-- Buzzfeed, “Bernie’s Test: Can He Add Nevada’s Young Latinos To His Coalition And Win?,” by Adrian Carrasquillo: “Free tuition, a pathway to citizenship for immigrants, demilitarizing the police force— these are the reasons young minority voters are into Sanders, said Nevada campaign volunteer Kyle Lozier. Enthusiasm among young people has powered Sanders to 84% of voters 17-to-29 in Iowa and 83% in New Hampshire, two mostly white states. For a campaign looking to establish itself as a threat to win the Democratic nomination, minority voters were always going to the necessary next step, and Sanders will have to turn out young people, including [Nevada] minorities, to win. Whether the enthusiasm on display will turn into votes, however, is unclear. Laura Sida, 21, and her friend, Ivonne Garcia, feel Sanders better relates to the concerns of working-class people. But asked if they knew where their caucus site is and whether they planned to caucus for him, they grew quiet. ‘I’ll try to,’ Sida said … ‘I don’t know if I can.’”


Oregon occupiers trashed cultural site. From Reuters: "The FBI said it has found a trench of human feces and a road excavated on or next to a sensitive cultural site with artifacts at the Oregon wildlife refuge where armed men staged a standoff with authorities. ... The filing came after the FBI on Friday said it was working with the Burns Paiute Tribe to identify damage to the tribe's artifacts and sacred burial grounds."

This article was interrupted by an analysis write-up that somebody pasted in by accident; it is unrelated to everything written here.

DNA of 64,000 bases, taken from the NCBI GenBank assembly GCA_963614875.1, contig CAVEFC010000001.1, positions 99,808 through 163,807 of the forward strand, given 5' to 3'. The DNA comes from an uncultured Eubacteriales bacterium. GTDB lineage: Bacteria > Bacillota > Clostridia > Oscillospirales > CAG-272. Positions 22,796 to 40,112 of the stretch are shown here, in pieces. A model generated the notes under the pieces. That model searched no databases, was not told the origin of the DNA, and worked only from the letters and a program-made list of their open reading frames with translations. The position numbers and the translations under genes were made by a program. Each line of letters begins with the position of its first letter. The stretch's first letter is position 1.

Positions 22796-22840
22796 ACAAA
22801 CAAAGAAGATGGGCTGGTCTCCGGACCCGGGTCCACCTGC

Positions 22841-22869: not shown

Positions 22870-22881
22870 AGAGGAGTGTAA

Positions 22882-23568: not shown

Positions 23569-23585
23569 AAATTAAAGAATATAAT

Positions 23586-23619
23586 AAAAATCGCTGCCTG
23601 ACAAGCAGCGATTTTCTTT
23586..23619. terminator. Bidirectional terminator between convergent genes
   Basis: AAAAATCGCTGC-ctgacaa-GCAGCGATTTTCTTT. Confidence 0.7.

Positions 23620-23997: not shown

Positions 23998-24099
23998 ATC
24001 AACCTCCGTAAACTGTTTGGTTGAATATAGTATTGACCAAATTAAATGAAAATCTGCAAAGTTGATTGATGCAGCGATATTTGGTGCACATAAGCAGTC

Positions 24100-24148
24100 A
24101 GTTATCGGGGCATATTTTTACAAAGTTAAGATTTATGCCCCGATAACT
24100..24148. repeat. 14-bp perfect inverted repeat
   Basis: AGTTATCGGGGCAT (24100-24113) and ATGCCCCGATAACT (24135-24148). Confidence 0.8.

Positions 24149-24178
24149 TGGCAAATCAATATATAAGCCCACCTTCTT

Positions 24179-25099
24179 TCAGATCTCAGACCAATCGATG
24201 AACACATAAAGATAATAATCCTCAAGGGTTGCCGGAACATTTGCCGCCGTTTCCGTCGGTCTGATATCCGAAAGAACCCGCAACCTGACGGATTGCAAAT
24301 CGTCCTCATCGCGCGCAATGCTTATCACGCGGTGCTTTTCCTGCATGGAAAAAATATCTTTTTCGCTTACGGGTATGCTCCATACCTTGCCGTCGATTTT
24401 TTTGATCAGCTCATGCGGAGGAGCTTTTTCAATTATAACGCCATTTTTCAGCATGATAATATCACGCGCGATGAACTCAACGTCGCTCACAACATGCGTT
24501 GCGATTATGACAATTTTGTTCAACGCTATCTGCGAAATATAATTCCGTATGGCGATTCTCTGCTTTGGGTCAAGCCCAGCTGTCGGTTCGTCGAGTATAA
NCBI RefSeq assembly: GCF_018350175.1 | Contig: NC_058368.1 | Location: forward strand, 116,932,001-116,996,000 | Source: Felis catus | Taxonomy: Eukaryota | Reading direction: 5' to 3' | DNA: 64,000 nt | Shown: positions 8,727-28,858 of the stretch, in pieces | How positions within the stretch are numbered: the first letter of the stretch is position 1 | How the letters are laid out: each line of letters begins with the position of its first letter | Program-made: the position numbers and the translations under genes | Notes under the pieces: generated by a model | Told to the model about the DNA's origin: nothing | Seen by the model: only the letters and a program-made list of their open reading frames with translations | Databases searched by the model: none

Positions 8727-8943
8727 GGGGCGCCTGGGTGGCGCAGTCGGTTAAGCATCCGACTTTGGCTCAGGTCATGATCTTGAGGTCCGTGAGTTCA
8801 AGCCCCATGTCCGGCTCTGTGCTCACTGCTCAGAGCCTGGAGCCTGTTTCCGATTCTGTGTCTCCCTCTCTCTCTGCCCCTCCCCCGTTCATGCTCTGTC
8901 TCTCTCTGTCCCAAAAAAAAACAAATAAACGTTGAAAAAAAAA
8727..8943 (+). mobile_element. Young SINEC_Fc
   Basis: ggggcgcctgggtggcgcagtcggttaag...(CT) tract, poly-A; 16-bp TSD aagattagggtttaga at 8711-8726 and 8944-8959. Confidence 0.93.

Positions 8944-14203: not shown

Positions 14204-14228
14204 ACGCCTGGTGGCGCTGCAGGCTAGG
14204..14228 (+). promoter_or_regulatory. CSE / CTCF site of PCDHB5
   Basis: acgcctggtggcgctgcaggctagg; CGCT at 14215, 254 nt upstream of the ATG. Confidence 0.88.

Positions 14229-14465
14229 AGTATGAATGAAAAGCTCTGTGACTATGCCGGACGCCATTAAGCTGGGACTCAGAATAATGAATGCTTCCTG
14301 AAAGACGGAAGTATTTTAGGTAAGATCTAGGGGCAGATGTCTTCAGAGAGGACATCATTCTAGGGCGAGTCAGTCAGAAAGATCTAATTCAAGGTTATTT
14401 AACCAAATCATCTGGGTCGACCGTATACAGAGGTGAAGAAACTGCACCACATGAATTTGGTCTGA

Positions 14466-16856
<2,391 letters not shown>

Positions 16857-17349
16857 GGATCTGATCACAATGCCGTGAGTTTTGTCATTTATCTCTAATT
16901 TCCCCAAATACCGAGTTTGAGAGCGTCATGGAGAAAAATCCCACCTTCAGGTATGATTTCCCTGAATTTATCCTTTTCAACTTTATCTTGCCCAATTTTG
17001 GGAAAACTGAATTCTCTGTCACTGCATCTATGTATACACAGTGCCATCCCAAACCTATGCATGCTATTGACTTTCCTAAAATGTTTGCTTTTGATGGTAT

State Dept. criticizes Cruz bill honoring Chinese dissident. From the Weekly Standard: "Last week, the United States Senate unanimously passed a bill to rename the street that the Chinese embassy sits on in Washington from International Place to Liu Xiaobo Plaza. Liu, of course, is the dissident Chinese intellectual who has been imprisoned since 2008 for signing the pro-democracy Charter 08 manifesto. ... 'We view this kind of legislative action as something that only complicates our efforts [to improve human rights in China],' explained State Department spokesman Mark Toner."